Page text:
Proposal for an evolutionary nature of self-consciousness linked to a human specific anxiety (Neurex 2018)

Download Edit this record How to cite View on PhilPapers
Abstract
This presentation is about an evolutionary scenario for self-consciousness linked to a human specific anxiety. It is a continuation of other works (2011 Book chapter, 2014 TSC Poster). AIM: Present a scenario describing an evolutionary nature of self-consciousness that introduces a human specific anxiety which is active in our human lives. METHOD: The scenario starts with our pre-human ancestors which were capable to manage representations and to partly identify with their conspecifics (Olds 2006, DeWaal 2008). These identifications brought our ancestors to merge the representations of their conspecifics with the limited auto-representation of their own entity. The result was an auto-representation becoming about an entity existing in environment. This process is proposed as having progressively generated an ancestral form of self-consciousness as object and as subject. These identifications took place also with suffering conspecifics and have imposed to our ancestors a huge anxiety increase that had to be limited. Tools developed for that limitation (caring, collaboration, empathy, ToM, ...) have linked consciousness to anxiety management while also procuring evolutionary benefits. Human minds now contain an unconscious part of that ancestral anxiety that guides many of our mental states. RESULT: An evolutionary scenario for self-consciousness is made available as linked to a specific anxiety management that characterizes human minds. Continuations are introduced, some related to mental health. CONCLUSION: The proposed evolutionary scenario presents self-consciousness and a specific human anxiety as sharing a same evolutionary nature. This new source of anxiety needs more investigations.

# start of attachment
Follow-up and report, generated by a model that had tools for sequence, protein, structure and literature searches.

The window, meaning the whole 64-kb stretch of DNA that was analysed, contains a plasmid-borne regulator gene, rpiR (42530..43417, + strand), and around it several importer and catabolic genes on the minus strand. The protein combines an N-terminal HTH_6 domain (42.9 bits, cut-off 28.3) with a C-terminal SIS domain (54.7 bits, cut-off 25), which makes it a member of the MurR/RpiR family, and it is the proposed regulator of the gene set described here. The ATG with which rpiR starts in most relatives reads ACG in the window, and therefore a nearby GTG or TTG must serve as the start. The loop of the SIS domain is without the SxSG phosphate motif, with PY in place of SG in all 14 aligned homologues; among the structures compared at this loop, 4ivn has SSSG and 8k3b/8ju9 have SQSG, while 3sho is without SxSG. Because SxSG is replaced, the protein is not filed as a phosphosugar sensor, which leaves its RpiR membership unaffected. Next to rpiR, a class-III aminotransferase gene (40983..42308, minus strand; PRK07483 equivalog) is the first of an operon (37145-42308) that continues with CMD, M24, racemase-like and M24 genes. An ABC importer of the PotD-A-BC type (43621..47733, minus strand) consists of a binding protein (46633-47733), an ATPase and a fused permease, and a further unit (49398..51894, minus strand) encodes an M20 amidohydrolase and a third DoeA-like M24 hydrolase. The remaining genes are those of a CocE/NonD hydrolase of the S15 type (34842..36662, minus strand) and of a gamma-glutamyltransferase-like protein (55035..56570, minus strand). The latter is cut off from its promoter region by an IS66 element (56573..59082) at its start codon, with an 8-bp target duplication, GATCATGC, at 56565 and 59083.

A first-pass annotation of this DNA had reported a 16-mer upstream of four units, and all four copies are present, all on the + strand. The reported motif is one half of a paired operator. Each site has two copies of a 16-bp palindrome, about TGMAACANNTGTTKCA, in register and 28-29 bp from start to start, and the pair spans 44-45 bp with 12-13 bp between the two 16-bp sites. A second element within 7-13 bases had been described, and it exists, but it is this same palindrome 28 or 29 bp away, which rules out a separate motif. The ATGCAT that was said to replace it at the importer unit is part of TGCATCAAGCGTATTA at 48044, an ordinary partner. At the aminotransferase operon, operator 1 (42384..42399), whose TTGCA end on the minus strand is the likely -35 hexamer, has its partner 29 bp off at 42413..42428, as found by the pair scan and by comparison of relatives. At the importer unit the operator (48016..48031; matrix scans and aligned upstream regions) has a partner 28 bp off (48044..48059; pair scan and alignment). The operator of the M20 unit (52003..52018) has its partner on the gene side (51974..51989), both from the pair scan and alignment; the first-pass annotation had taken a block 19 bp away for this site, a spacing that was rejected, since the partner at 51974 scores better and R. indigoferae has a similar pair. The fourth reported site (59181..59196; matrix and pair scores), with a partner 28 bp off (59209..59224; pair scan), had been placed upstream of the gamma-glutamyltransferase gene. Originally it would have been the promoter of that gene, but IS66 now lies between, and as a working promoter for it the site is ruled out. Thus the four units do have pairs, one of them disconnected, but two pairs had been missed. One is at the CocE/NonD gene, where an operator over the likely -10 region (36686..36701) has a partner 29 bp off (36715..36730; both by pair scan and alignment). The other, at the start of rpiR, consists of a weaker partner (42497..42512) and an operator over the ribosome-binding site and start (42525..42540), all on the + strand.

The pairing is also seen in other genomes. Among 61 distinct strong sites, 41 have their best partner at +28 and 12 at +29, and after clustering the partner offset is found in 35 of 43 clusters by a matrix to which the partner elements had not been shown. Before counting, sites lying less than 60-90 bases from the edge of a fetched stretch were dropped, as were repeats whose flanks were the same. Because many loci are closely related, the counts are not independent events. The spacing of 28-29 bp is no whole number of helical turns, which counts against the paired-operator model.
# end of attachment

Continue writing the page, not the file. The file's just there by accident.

PhilPapers/Archive ID
MENPFA-4
Upload history
Archival date: 2019-09-05
View other versions
Added to PP index
2019-09-05

Total views
115 ( #36,412 of 56,961 )

Recent downloads (6 months)
32 ( #24,194 of 56,961 )

How can I increase my downloads?

Downloads since first upload
This graph includes both downloads from PhilArchive and clicks on external links on PhilPapers.